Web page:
Enzymology of multi-enzyme systems on self-assembled surfaces

Project: Research project

Project Details


Enzymology of multi-enzyme systems on self-assembled surfaces Enzymology of multi-enzyme systems on self-assembled surfaces Surface-immobilized enzymes are widely used in a large number of diverse applications, from laundry detergents to biosensors. Enzyme systems associated with membranes and the cytoskeleton, in living systems, have shown us that enzymes associated with surfaces have additional abilities that soluble enzymes lack. Organized, surface-associated enzyme systems can catalyze whole reaction pathways much more efficiently that the same enzymes cannot achieve in solution. Currently, there are challenges that need to be overcome in order to incorporate surface-immobilized enzyme systems into useful applications. One is to improve the activities and stabilities of surface-bound enzymes by optimizing their orientations and conformations as well as their surface attachment distances. The other is to control the spatial relationships between the components of multi-enzyme cascades on surfaces aiming to maximize their catalytic efficiencies. Here, we propose to develop a novel approach for the design and assembly of enzyme systems on surfaces as well as for the optimization of their functions under a given set of conditions. We will use this system to perform a detailed mechanistic analysis of enzyme-catalyzed reaction pathways on solid or water-soluble nanostructured surfaces. This will be accomplished by creating enzyme-specific peptide ligands that bind to target enzymes, maintaining them in optimal orientations and conformations for enhanced function. Combining these peptides with surface attachment chemistries and DNA-based nanostructure will create an unprecedented opportunity to design and construct heterogeneous surfaces and nanoreactors that self-assemble with sets of enzymes to catalyze complex reaction pathways efficiently. Specifically, we aim to: 1) Explore peptide space to identify ligands that will bind to target enzymes and optimize their orientations on surfaces to achieve active functions. 2) Create and analyze single- and multi-enzyme systems on peptide-modified solid surfaces. 3) Create self-assembled DNAnanoscaffold surfaces, which will allow precise control over parameters including inter-enzyme orientation and spacing as well as the distances from enzymes to surfaces or scaffolds.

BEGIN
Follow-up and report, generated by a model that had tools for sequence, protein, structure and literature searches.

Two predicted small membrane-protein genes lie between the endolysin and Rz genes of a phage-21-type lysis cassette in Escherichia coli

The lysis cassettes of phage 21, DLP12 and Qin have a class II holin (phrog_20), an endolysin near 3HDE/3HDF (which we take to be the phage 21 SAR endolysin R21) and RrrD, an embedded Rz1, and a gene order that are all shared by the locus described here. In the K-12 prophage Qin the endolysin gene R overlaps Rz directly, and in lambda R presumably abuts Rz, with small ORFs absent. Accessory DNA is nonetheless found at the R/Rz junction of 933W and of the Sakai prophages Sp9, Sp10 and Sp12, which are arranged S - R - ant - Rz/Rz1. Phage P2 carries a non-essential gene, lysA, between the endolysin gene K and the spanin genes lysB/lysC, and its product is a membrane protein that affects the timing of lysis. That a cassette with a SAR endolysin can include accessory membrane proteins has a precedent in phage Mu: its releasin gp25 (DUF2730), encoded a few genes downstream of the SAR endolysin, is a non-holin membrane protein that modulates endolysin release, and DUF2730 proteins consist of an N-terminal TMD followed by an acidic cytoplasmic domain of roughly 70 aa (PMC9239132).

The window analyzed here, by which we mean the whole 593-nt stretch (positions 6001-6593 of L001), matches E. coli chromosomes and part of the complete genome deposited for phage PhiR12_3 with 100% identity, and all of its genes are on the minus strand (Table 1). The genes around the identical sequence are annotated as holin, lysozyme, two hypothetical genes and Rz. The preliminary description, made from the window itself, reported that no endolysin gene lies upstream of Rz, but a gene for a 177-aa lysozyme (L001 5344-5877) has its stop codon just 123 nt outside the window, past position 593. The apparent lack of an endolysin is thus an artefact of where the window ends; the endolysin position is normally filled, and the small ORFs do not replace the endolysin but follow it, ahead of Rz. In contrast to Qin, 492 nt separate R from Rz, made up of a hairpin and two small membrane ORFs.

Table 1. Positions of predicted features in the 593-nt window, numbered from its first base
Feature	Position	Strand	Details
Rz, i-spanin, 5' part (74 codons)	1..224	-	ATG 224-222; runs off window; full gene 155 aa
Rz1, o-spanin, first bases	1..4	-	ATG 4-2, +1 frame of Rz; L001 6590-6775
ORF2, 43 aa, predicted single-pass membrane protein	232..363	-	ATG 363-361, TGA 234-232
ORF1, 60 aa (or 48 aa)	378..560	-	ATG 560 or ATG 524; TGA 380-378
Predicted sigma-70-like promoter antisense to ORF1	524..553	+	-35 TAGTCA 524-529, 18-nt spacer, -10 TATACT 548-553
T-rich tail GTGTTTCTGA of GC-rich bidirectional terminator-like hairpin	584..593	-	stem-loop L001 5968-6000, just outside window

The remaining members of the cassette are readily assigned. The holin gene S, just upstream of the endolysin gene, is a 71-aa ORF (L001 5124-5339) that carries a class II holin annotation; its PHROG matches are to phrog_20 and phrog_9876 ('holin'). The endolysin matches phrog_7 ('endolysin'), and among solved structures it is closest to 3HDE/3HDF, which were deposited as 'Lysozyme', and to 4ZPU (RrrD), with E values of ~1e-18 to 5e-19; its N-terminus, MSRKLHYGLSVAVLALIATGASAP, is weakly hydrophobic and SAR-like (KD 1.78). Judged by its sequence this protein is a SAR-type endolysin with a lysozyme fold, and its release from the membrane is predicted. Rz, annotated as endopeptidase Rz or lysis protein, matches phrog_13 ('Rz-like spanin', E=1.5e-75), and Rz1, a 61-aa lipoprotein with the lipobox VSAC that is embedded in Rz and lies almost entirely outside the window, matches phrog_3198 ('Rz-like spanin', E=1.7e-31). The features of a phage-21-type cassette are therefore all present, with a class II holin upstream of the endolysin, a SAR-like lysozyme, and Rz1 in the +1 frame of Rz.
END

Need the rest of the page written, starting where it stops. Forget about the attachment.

Effective start/end date12/1/1011/30/13


  • National Science Foundation (NSF): $406,206.00


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